Beware Circling Vultures
Seeking professional guidance when faced with a serious financial issue is smart. The only problem is: who to trust? Many so-called “financial experts” may be very skilled in one area of finance, but know little or nothing of other areas. Worse, some nefarious individuals are just after what little money they can squeeze out of you and care nothing about making your situation better.
Take, for example, the investigation into a nation-wide mortgage modification scam. Recently, the Orange County California district attorney unsealed an indictment related to a $13.5-million loan-modification scheme that officials called the largest crime of its type ever prosecuted in the United States. The conspiracy reportedly involved at least 3,500 victims using mailers, a misleading website and telemarketers over a span of more than two years. The conspirators operated a company with a continually changing name, including the apparent laws firms “Prudent Law,” and “Remedy Center Law” which trained employees to falsely tell customers that they qualified for loan modifications and assure them that a lawyer from the company could represent them. Once lured in, the victims were charged an average of $4,000 of illegal up-front loan-modification fees and promised services the company couldn’t offer.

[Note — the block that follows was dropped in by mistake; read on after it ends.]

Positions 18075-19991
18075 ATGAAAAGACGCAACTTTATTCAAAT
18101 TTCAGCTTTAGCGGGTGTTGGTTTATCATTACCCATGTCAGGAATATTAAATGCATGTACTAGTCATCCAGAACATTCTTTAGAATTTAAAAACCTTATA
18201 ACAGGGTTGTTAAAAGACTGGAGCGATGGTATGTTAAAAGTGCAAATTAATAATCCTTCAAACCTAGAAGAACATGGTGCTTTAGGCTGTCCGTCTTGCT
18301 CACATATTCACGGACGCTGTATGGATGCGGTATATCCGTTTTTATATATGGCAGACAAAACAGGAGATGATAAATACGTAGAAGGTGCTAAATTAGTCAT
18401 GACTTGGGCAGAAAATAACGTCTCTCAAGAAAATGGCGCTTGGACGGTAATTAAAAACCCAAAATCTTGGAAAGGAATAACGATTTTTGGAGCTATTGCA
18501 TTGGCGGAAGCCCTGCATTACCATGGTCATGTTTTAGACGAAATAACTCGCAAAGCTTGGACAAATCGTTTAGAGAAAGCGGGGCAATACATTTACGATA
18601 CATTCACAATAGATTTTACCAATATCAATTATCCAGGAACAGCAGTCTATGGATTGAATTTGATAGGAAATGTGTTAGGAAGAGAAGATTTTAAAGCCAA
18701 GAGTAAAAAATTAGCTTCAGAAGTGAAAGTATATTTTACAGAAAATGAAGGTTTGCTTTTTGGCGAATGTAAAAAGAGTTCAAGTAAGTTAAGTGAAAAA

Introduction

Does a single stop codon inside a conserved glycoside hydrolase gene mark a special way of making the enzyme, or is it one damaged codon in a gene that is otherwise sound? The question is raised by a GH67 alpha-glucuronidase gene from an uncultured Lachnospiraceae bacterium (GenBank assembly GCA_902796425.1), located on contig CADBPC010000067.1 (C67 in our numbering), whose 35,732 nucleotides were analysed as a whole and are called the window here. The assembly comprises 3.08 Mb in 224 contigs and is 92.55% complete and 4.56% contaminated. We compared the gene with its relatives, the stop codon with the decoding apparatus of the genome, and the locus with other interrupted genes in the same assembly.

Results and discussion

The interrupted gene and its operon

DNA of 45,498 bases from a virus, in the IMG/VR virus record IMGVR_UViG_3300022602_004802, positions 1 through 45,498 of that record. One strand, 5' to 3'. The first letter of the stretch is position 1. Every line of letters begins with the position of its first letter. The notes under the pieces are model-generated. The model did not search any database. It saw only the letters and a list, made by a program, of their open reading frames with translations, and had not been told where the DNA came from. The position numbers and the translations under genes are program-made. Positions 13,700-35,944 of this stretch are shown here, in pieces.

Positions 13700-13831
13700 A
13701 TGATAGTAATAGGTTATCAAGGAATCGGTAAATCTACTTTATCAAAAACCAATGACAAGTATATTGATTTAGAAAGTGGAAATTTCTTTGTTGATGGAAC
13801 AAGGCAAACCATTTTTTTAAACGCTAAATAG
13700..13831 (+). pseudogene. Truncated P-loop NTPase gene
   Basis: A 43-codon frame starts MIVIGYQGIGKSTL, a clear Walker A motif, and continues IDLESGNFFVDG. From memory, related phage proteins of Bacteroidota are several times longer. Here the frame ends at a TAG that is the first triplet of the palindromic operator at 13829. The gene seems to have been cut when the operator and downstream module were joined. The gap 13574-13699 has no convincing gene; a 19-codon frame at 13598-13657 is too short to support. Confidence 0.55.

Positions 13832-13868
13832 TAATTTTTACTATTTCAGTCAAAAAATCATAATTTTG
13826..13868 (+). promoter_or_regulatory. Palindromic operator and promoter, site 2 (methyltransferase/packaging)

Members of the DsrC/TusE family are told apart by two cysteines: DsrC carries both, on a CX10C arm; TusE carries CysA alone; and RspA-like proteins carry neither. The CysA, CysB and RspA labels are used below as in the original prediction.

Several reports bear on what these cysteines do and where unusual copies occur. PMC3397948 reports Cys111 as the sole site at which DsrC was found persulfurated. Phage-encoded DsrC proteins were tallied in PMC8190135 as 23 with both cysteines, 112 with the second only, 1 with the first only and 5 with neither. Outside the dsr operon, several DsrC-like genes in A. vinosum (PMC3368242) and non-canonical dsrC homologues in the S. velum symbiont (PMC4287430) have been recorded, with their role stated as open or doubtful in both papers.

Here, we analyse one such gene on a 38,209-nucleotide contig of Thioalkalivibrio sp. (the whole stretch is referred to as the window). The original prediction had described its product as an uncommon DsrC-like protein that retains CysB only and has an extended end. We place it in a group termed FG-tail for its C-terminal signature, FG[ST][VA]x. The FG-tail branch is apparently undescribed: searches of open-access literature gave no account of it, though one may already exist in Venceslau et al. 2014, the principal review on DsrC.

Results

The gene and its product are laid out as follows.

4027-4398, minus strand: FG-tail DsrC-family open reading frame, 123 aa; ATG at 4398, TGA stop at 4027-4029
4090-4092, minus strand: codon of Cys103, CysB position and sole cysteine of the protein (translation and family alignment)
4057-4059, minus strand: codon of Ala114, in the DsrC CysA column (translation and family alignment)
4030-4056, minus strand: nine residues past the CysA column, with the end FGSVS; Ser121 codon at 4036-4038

Included in the group behind the scam is Pamela Gressier, a California licensed attorney, who remains a fugitive from justice. Gressier faces multiple felony counts of conspiracy, grand theft, money laundering and filing a false or fraudulent tax return. If convicted on all counts, she could get a maximum of over 48 years in prison.
If you are in need of mortgage modification, make sure that you do your due diligence before hiring a “debt relief” company. One mortgage relief process that can provide actual relief is found in the United States Bankruptcy Code. Bankruptcy can stop foreclosure and provide you time to negotiate a home loan modification, short sale, or even to “walk away” without owing a dime. In some cases bankruptcy can force the bank to accept low interest payments for a deficiency over three to five years, or strip off an unsecured second or third mortgage. Consult an experienced bankruptcy attorney for more information on your rights under the federal law.